Fall 2022 - SA 355 D100
Quantitative Methods (S) (4)
Class Number: 3438
Delivery Method: In Person
Examines the methods, concepts and statistical procedures central to quantitative sociological research. Emphasizing the meaningful application of statistical analysis to social issues, the course provides intermediate quantitative research skills. Students use statistics software to conduct applicable statistical analyses and interpret results. Quantitative.
This course offers an introduction to quantitative research methods in sociology, moving from basic to intermediate statistical methods. In particular, we will cover the important role statistics play within social research, not as ends unto themselves, but as tools or instruments for engaging with relevant research questions and real-world issues and testing social theories. For this purpose we use a textbook that distinguishes and identifies linkages between descriptive and inferential statistics, helping to enrich our understanding of both. I also combine non-computational lessons on the logic and conceptual aspects of these techniques with examples and applications using data from Canadian and other national contexts. To these ends, weekly lectures are supplemented with handson activities exploring and analyzing large datasets using SPSS. The course will help prepare you for more advanced courses in statistical methods.
- Participation 15%
- Assignment #1 15%
- Assignment #2 20%
- Assignment #3 20%
- Final Projects 30%
Grading: Where a final exam is scheduled and the student does not write the exam or withdraw from the course before the deadline date, an N grade will be assigned. Unless otherwise specified on the course syllabus, all graded assignments for this course must be completed for a final grade other than N to be assigned. An N is considered as an F for the purposes of scholastic standing.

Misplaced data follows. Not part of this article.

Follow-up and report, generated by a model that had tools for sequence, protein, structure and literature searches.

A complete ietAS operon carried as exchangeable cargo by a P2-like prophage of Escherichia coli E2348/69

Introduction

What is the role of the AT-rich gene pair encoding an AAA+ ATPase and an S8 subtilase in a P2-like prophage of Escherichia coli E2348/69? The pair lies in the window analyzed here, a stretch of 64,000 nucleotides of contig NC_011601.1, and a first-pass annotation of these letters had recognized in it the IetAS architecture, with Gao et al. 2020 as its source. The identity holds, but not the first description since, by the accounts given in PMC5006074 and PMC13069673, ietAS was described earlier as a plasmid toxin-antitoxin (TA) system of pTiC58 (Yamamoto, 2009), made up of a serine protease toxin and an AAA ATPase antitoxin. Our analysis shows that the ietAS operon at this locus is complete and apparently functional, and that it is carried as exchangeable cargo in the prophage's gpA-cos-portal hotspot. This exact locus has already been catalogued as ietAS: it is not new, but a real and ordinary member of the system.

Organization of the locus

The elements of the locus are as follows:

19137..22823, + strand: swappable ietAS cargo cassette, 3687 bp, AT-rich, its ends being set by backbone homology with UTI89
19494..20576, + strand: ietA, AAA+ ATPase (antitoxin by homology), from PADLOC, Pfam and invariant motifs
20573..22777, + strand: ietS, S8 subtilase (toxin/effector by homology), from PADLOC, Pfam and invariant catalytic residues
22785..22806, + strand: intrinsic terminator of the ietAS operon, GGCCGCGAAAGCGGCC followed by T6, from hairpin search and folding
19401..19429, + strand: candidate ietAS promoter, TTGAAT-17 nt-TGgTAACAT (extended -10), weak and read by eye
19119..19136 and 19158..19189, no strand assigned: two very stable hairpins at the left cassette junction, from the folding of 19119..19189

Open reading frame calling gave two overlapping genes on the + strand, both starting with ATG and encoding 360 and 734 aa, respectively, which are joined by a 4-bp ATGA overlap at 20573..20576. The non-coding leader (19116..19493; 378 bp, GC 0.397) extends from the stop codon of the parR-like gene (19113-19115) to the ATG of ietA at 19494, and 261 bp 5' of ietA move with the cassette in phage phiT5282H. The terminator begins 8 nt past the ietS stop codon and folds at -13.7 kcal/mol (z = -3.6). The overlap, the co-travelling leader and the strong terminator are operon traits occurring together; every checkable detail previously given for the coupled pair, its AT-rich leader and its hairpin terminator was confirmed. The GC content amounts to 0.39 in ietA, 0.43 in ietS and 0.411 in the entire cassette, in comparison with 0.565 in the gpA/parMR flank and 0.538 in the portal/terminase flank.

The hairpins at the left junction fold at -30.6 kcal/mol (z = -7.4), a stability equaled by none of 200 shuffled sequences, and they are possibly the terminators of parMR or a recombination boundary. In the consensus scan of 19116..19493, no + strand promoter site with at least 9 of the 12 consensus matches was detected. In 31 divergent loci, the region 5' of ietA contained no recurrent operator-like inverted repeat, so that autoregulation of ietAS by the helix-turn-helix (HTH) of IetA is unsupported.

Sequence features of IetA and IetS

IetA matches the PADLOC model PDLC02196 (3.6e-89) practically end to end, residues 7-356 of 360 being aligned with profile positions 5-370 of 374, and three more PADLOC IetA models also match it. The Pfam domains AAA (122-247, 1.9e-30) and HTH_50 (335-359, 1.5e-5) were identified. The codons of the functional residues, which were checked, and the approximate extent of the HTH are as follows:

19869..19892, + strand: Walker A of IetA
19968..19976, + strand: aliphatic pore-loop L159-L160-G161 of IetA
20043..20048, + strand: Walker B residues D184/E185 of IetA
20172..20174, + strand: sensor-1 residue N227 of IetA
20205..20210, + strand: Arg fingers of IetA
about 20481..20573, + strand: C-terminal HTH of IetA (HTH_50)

Grading System: The Undergraduate Course Grading System is as follows:
A+ (95-100) | A (90-94) | A- (85-89) | B+ (80-84) | B (75-79) | B- (70-74) | C+ (65-69) | C (60-64) | C- (55-59) | D (50-54) | F (0-49) | N*
*N standing to indicate the student did not complete course requirements
Academic Honesty and Student Conduct Policies: The Department of Sociology & Anthropology follows SFU policy in relation to grading practices, grade appeals (Policy T20.01), and academic honesty and student conduct procedures (S10‐S10.05). Unless otherwise informed by your instructor in writing, in graded written assignments you must cite the sources you rely on and include a bibliography/list of references, following an instructor-approved citation style. It is the responsibility of students to inform themselves of the content of SFU policies available on the SFU website.
Centre for Accessible Learning: Students with hidden or visible disabilities who believe they may need classroom or exam accommodations are encouraged to register with the SFU Centre for Accessible Learning (1250 Maggie Benston Centre) as soon as possible to ensure that they are eligible and that approved accommodations and services are implemented in a timely fashion.
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Statistics A Tool for Social Research and Data Analysis, 5th Edition (2022), Joseph F. Healey, Christopher Donoghue, Steven Prus
REQUIRED READING NOTES:
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ACADEMIC INTEGRITY: YOUR WORK, YOUR SUCCESS
SFU’s Academic Integrity website http://www.sfu.ca/students/academicintegrity.html is filled with information on what is meant by academic dishonesty, where you can find resources to help with your studies and the consequences of cheating. Check out the site for more information and videos that help explain the issues in plain English.
Each student is responsible for his or her conduct as it affects the university community. Academic dishonesty, in whatever form, is ultimately destructive of the values of the university. Furthermore, it is unfair and discouraging to the majority of students who pursue their studies honestly. Scholarly integrity is required of all members of the university. http://www.sfu.ca/policies/gazette/student/s10-01.html